Who Attends the Koch Brothers’ Conferences?
By Kevin Connor  •  Jan 27, 2011 at 17:54 EST

Billionaires Charles and David Koch are holding one of their infamous political retreats this weekend in Rancho Mirage, CA, inspiring a coalition of liberal groups to mount protests outside the event. Common Cause, the principal organizer, is calling the event “Uncloaking the Kochs,” to “counter an exclusive gathering of corporate billionaires.”

David Koch.

Who are these corporate billionaires? Last year, Think Progress got its hands on the attendee list and put it online. It has since been uploaded to LittleSis. Many of the same folks will probably show up this year.

What are the corporate, social, and political ties that bind the Koch network participants? Some common links can be seen in the interlocks and giving tabs, but there is much more to dig up.

Analysts: Consider shedding light on the contours of the Koch network by building out the profiles of some past attendees. (and if you aren’t an analyst, go here to sign up).

Update: Here is a giant wall of pictures of the Koch conference attendees.

Libertarian Elites to “Dethrone” Obama’s New Corporate BFF
By Matthew Skomarovsky  •  Jan 24, 2011 at 20:07 EST

Not many people know that General Electric has been a huge beneficiary of recent bank bailouts via its financial subsidiary GE Capital, which would be America’s eighth largest bank measured by total assets. Regulators changed banking rules to guarantee $340 billion in GE Capital debt, and the bank received $16 billion in cheap emergency loans from the Federal Reserve, according to Fed data released in December. All the while GE’s CEO, Jeff Immelt, was on the board of the NY Fed (along with another former GE executive) and a member of Obama’s economic advisory board. The conflicts of interest are obvious and, as one Fed historian put it to the NY Times, “ugly”.

Immelt and Obama walking in a GE factory in Schenectady, NY

Immelt and Obama talking business in a GE factory

After $40 million in lobbying last year, more than any other company, the returns on GE’s political investments are still flowing. Immelt was with Obama in India a few months ago when he negotiated a $10 billion export deal benefitting GE, and Obama stood at a GE plant in New York as he named Immelt to lead his new economic advisory council, which looks like it will focus on making America’s laws, taxes, and labor force even more business-friendly.

Interestingly, the deep conflicts surrounding Obama’s promotion of Immelt have provoked the strongest criticism from libertarian think tank FreedomWorks, which has close ties to the billionaire brothers Charles and David Koch. The Kochs are energy moguls notorious for their financing of dozens of free-market political forces, from free-market think tanks to Tea Party affiliates. Jane Mayer’s New Yorker article about the Koch brothers shows how their influence through political and nonprofit financing is both unequalled and self-interested. The Kochs are fiercely opposed to bank bailouts, economic stimulus, and climate regulation. Immelt has been a high-profile supporter of all of these — perhaps because they’ve profited GE — and GE’s campaign contributions have leaned Democratic in recent years. That’s probably why he’s so close to Obama, and why the Koch brothers and groups like FreedomWorks want him to go away.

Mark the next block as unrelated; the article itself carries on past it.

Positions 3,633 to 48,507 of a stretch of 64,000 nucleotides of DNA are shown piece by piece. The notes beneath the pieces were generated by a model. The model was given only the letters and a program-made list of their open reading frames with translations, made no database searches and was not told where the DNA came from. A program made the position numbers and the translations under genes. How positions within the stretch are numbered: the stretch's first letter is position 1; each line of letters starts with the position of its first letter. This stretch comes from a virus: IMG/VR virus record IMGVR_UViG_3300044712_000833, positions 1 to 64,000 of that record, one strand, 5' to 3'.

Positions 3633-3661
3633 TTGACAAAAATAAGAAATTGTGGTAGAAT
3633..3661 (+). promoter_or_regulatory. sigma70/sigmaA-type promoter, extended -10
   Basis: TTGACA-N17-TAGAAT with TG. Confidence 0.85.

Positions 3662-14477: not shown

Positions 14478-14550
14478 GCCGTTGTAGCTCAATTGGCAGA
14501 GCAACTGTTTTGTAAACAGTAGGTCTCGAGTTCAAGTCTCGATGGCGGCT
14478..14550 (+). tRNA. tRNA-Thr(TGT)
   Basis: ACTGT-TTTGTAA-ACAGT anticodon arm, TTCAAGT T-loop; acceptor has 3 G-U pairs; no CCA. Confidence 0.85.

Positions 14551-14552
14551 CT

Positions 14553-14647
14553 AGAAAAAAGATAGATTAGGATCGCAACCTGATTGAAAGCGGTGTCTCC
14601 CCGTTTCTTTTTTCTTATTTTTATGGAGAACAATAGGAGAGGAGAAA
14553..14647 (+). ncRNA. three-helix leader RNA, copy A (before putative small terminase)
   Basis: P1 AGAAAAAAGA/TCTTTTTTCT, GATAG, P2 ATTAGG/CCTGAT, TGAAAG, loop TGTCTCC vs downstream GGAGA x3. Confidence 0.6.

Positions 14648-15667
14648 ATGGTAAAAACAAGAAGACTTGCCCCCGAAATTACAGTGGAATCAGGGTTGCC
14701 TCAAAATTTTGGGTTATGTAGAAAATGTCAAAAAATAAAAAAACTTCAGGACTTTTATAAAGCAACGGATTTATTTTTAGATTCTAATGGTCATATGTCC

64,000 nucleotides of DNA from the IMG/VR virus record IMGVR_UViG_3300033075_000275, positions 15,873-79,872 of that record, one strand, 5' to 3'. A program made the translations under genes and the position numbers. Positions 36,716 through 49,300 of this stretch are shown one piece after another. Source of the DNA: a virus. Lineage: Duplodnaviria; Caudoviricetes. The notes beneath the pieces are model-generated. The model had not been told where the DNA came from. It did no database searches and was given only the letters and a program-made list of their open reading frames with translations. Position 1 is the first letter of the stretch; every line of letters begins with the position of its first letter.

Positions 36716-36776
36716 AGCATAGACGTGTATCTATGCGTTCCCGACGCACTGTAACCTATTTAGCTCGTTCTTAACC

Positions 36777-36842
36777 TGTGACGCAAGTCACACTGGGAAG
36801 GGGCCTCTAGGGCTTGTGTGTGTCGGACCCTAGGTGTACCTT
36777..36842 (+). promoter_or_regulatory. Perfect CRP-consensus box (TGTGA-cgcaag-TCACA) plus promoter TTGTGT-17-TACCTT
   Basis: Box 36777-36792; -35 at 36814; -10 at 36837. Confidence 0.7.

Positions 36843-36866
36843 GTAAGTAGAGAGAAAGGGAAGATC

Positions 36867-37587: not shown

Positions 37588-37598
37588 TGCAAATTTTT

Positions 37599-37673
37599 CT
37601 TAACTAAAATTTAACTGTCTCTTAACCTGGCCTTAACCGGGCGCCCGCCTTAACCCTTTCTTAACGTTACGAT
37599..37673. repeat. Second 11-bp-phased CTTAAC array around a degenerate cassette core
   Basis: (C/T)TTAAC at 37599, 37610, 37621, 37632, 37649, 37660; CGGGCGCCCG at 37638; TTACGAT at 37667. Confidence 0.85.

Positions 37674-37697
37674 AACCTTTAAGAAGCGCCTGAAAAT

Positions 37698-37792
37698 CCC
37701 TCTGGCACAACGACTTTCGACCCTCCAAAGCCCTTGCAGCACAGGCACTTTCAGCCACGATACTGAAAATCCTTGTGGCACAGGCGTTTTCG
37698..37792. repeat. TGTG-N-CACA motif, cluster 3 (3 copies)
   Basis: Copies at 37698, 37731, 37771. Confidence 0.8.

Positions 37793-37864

FreedomWorks and the NCPPR, another free-market think tank, have launched a campaign to “dethrone” Immelt from GE, calling him the “king of crony capitalism”, and are running ads attacking Immelt’s conflicts of interest as a blatant sign of corruption. “It’s time to break up the unethical romance between government and big business,” said FreedomWorks President Matt Kibbe in a statement. “For too long, corporate elites have lobbied to profit from the size and growth of government at the expense of hard-working Americans.”

FreedomWorks has it wrong. It’s not the size and growth of government that ensured minimal financial regulations and generous bailouts for well-connected banks like GE Capital, it’s the size and growth of finance and its influence over government. Relative to expanding financial markets, regulations and regulatory bodies are not growing, they’re shrinking. Still, FreedomWorks can apparently exploit anger about Obama’s dirty dancing with bailed-out corporate elites to rally support for further dismantling of government oversight and regulation.

The beast of corporate power is feeding off its own corruption.

Who is the Committee to Save New York?
By Kevin Connor  •  Jan 20, 2011 at 13:46 EST

In a prelude to the looming budget battle, a shadowy group going by the name of the “Committee to Save New York” has started coordinating with the Cuomo administration to promote the dawning of a new era of “fiscal sanity” in New York State. The group has amassed a $10 million war chest to run ads in support of a fiscal reform agenda heavy on budget cuts. One ad has already gone on the air touting Cuomo’s approach to the state’s budget problems.

Who, exactly, is behind the Committee to Save New York? To find out, LittleSis’s Cuomo Watch research group will be investigating over the course of the next month. The Committee has refused to disclose its donor list, but it has released its board list, and we have already added that info to the Committee’s page on LittleSis. We will be using that and other public record information to shed light on who, exactly, is behind these efforts, and what their true agendas and interests are.

Read more…

Evidence of an American Plutocracy: The Larry Summers Story
By Matthew Skomarovsky  •  Jan 10, 2011 at 19:31 EST

“So here is the evidence for an American plutocracy of a narrow and discrete but hardly harmless sort. Wall Street seduced the economics profession not through overt corruption, but by aligning the incentives of economists with its own. It was very easy for academic economists to move from universities to central banks to hedge funds — a tightly knit world in which everyone shared the same views about the self-regulating and beneficial effects of open capital markets. The alliance was enormously profitable for everyone: The academics got big consulting fees, and Wall Street got legitimacy. And it has kept the system going despite the enormous policy failures it has generated, not to exclude the recent crisis.”